According to my journals and fading memory, last night’s performance at Cincinnati’s Aronoff Center was my tenth Wilco show going all the way back to 1997*. The band has changed styles and lineups a half dozen times over that period, but they can always be relied upon to put on a great live show.
The Aronoff Center is an amazing venue and certainly tops the other local places Wilco has played. It’s clean, smoke-free, and has pristine sound. I consider myself lucky to have seen the band perform there. Sure, there’s something to be said for having seen Wilco at Ripley’s (now a Chipotle) and Bogart’s, but I’ll take fresh and clean over grungy and smoky any day. I guess I’m getting old.
As far as the show itself goes, I was very happy with the song selection. They played eight songs from Sky Blue Sky, so I got to hear a lot of songs I’d never heard live before. Just about every single one of the new songs sounded better in a live setting than on disc. Sky Blue Sky is a fine CD, but it’s the first Wilco release that I struggled with. I didn’t enjoy it until I watched Shake It Off, the 45 minute documentary that came with the Sky Blue Sky deluxe edition. In a live setting, “Impossible Germany” and “Walken” were both impressive, but “What Light” was my personal favorite of the new songs. It was so much better live that it took me awhile to even recognize it. I thought it was a cover at first.
Other highlights included “Handshake Drugs”, “I’m The Man Who Loves You”, and a strange version of “Via Chicago” that exploded into a furious storm of feedback and percussion towards the end. All the noise and the flickering lights almost fooled me into believing I was in a thunderstorm. I don’t think “Via Chicago” is a song that needs that kind of embellishment, but it was still cool to witness.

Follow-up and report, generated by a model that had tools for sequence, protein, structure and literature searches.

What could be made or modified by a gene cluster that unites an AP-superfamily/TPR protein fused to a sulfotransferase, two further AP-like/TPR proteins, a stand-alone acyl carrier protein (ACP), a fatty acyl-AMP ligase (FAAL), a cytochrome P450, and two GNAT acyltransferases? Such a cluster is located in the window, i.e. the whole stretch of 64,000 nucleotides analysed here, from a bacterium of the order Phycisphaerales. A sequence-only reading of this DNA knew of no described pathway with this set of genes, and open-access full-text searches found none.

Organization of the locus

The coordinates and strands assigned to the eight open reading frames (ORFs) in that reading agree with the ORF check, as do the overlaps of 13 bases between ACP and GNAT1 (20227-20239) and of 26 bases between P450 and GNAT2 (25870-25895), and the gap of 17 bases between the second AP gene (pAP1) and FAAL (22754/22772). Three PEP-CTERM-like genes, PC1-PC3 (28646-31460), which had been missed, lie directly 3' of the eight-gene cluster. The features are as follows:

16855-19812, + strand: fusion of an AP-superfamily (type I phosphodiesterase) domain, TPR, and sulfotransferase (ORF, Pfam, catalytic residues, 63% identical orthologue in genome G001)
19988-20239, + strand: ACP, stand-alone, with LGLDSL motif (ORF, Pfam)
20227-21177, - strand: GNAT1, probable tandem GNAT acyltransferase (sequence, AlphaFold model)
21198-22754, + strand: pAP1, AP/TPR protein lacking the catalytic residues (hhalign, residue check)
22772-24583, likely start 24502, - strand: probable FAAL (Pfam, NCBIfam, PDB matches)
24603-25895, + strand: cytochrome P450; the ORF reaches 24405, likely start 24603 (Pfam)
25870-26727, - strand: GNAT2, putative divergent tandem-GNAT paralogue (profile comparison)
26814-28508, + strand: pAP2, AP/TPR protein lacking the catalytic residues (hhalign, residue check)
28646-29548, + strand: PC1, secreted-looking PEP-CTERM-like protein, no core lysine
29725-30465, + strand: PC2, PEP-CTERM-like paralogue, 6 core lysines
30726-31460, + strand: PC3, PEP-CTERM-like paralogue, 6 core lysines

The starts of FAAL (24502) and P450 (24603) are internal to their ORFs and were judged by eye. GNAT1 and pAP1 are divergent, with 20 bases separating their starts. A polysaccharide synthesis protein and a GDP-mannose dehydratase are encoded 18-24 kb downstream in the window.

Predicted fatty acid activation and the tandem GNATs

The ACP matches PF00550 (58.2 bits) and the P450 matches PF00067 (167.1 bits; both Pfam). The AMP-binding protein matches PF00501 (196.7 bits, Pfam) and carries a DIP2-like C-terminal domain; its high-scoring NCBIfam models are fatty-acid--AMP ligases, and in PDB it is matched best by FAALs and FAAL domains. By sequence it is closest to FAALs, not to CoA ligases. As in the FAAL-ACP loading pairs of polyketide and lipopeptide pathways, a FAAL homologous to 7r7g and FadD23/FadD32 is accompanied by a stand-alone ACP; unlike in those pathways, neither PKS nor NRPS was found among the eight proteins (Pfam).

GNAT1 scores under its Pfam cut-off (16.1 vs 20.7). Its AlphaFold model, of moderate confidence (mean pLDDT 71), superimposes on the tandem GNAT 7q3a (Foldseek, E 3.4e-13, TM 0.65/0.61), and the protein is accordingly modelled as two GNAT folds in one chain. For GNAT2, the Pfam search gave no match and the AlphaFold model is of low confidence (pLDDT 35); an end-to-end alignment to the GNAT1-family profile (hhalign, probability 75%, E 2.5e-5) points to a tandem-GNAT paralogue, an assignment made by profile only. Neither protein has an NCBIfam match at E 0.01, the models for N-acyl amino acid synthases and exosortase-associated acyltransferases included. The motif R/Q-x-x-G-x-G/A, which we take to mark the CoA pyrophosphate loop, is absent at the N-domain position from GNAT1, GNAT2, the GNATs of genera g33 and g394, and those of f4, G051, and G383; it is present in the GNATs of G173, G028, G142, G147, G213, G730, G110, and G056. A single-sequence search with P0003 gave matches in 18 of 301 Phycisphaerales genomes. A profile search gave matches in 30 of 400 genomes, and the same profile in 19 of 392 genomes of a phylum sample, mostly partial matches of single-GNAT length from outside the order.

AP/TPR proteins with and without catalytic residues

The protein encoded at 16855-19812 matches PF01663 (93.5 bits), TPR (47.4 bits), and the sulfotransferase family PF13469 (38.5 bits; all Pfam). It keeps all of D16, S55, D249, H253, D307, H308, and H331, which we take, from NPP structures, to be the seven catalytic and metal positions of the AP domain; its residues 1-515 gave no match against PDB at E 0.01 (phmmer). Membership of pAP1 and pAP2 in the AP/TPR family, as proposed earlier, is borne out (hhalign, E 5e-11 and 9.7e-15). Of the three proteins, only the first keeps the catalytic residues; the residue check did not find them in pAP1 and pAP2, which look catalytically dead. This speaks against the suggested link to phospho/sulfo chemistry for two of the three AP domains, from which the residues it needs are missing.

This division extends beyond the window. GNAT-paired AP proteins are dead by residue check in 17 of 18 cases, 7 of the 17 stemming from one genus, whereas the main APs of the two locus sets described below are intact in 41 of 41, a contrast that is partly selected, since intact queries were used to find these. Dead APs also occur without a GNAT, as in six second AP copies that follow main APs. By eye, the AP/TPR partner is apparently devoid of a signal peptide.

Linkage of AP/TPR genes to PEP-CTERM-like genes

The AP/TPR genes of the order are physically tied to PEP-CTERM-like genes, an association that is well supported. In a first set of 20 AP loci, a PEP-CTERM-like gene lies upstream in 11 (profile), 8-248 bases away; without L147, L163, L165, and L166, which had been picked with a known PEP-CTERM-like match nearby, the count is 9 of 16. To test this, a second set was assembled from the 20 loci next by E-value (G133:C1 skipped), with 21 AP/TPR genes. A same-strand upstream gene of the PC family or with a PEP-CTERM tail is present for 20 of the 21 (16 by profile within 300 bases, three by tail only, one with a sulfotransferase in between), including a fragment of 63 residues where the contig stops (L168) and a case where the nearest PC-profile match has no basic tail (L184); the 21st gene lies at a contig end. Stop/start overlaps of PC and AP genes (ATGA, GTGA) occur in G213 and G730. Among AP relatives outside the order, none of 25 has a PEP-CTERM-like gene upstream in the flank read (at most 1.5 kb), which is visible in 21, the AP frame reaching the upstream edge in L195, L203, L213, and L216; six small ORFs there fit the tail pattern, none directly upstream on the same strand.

Of course, my personal highlight of the night was “Poor Places”. I love that song and it’s one I’ve rarely heard live. It’s just beautiful. I’m not one for taking crappy digital movies with my camera, but I wish I could relive the moment in the song when Jeff Tweedy sings:
it makes no difference to me
how they cried all over overseas
when it’s hot in the poor places tonight
I’m not going outside
I love that part. It’s not necessarily the lyrics; something happens to the music right there that gets me every time. I don’t understand it. All I know is that I’ll spend $42.60 any night of the year to feel it.
There weren’t any overwhelming negatives to my concert experience. I wish I had been able to catch Low’s opening set, but I didn’t time things very well. I also wanted to punch a guy who was dancing like he was at a Phish show (you know, that hippie dance), but then I remembered that people express their enjoyment in different ways. I let him off with a warning. Other than those two slight inconveniences, I had a wonderful time.
Here’s a picture of the poster I picked up at the show:
* – I’m counting three Jeff Tweedy solo shows in that total. Ten sounds much better than seven.